Abraham had a principal wife, Sarah (Genesis 11:29), and two secondary wives, Hagar and Keturah (Genesis 16:3; 25:1).
Abraham’s first wife was Sarah. She alone would possess legal rights and social standing as Abraham’s wife, and only her child Isaac would become the rightful heir to the family inheritance.
Sarah, who was unable to bear children, gave her Egyptian servant, Hagar, to Abraham as a concubine, although the Bible also calls Hagar Abraham’s wife (Genesis 16:1–4). A concubine was a woman, often a servant or slave, who lived with a man as if she were his wife, having sexual relations with him and bearing his children. When one’s wife was unable to produce an heir, taking a concubine was a common solution in ancient times. But a concubine held “secondary wife status,” lower than that of the primary wife. The concubine’s position, while subordinate to her master and mistress, was permanent. Concubines were provided for and protected as part of the family.
Hagar gave Abraham a son, whose name was Ishmael, but he was not to be the son of God’s covenant (Genesis 17:1–14). It was through Abraham and Sarah’s child Isaac that God had promised to establish His everlasting covenant (Genesis 17:15–19).
Keturah was Abraham’s second wife after the death of Sarah: “Abraham had taken another wife, whose name was Keturah. She bore him Zimran, Jokshan, Medan, Midian, Ishbak and Shuah” (Genesis 25:1–2). Like Hagar, Keturah was called both “wife” and “concubine” in Scripture (1 Chronicles 1:32). As a “wife,” Keturah was married to Abraham in the legal sense, living in a sexual union with him. Yet, as a “concubine” she held a rank inferior to Sarah’s. Keturah may have first become Abraham’s concubine when Sarah was still alive but was later elevated to the position of wife after Sarah passed away.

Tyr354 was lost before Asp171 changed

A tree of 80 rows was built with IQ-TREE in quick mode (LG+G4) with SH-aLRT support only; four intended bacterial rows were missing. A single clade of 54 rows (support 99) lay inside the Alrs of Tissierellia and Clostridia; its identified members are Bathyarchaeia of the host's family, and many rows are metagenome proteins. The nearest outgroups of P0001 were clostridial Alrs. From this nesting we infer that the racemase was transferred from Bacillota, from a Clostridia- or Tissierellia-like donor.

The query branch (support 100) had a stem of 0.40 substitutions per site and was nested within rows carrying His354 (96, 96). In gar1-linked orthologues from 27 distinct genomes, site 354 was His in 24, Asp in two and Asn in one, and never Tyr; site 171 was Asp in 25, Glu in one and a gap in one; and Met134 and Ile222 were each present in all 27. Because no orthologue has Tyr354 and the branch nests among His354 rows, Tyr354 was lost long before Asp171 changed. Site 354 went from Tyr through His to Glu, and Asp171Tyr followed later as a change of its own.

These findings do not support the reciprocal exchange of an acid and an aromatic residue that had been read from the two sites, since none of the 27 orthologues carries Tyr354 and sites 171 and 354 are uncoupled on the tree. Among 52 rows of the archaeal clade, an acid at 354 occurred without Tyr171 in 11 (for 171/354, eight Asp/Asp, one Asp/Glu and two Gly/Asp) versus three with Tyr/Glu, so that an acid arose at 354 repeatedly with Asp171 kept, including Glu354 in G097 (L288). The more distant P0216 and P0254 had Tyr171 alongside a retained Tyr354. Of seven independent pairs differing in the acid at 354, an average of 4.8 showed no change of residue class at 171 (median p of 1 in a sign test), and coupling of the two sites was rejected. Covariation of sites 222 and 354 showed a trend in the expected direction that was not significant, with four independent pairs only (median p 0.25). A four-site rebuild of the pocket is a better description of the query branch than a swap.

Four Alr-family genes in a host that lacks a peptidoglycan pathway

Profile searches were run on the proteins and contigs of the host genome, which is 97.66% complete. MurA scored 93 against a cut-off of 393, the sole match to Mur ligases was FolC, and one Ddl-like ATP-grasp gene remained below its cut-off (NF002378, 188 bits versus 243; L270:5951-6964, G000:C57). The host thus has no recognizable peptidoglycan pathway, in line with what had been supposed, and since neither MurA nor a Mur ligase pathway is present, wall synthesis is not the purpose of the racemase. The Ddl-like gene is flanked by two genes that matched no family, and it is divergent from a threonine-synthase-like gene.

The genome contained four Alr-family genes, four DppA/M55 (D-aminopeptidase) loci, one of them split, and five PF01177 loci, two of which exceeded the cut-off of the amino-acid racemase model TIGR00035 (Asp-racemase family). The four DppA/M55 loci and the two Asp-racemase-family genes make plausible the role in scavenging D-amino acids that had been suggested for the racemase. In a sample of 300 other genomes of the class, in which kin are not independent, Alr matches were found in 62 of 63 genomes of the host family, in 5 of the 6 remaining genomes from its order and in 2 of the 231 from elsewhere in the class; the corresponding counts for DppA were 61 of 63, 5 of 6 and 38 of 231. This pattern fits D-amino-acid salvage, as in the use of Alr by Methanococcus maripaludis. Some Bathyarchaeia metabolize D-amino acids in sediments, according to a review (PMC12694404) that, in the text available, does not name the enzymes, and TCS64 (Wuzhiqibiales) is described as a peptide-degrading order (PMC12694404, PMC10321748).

Before Abraham died, he gave all his material possessions and the blessings of the covenant to Isaac, the child God had promised to him and Sarah. To the sons of Hagar and Keturah, Abraham gave only gifts from his house and then sent them away to live in the country east of Israel (Genesis 25:5–11).
Does the fact that Abraham had three wives prove that God condones polygamy?
No. God’s ideal pattern for the marriage relationship has always been a monogamous union between one man and one woman (Genesis 1:27; 2:24). From the time of Lamech (Genesis 4:19), people engaged in polygamy, but it was never God’s design. Even though the practice is not expressly forbidden in Scripture, its consequences were often harmful and problematic (Deuteronomy 17:17; 1 Kings 11:1–3; Judges 8:30—9:57; 1 Samuel 1:1–7).
The Bible does not explicitly clarify why God tolerated polygamy among His people. One reason may have been to provide a secure home for unmarried women who had no other safe way to provide for themselves in the male-dominated, patriarchal society of the ancient world. At that time in history, women were not educated or trained for employment and thus depended on male members of their families to protect and support them. With prostitution, slavery, or starvation as the only other choices, many unmarried women turned to concubinage.
Polygamy also served to develop the growth of humanity at a much faster rate, fulfilling God’s command to “be fruitful and increase in number; multiply on the earth and increase upon it” (Genesis 9:7). Perhaps God tolerated polygamy in ancient times to solve some of these problems, but the New Testament clearly specifies God’s ideal intent for marriage to be the union of one man and one woman for life (Ephesians 5:22–33; 1 Timothy 3:2, 12; Titus 1:6).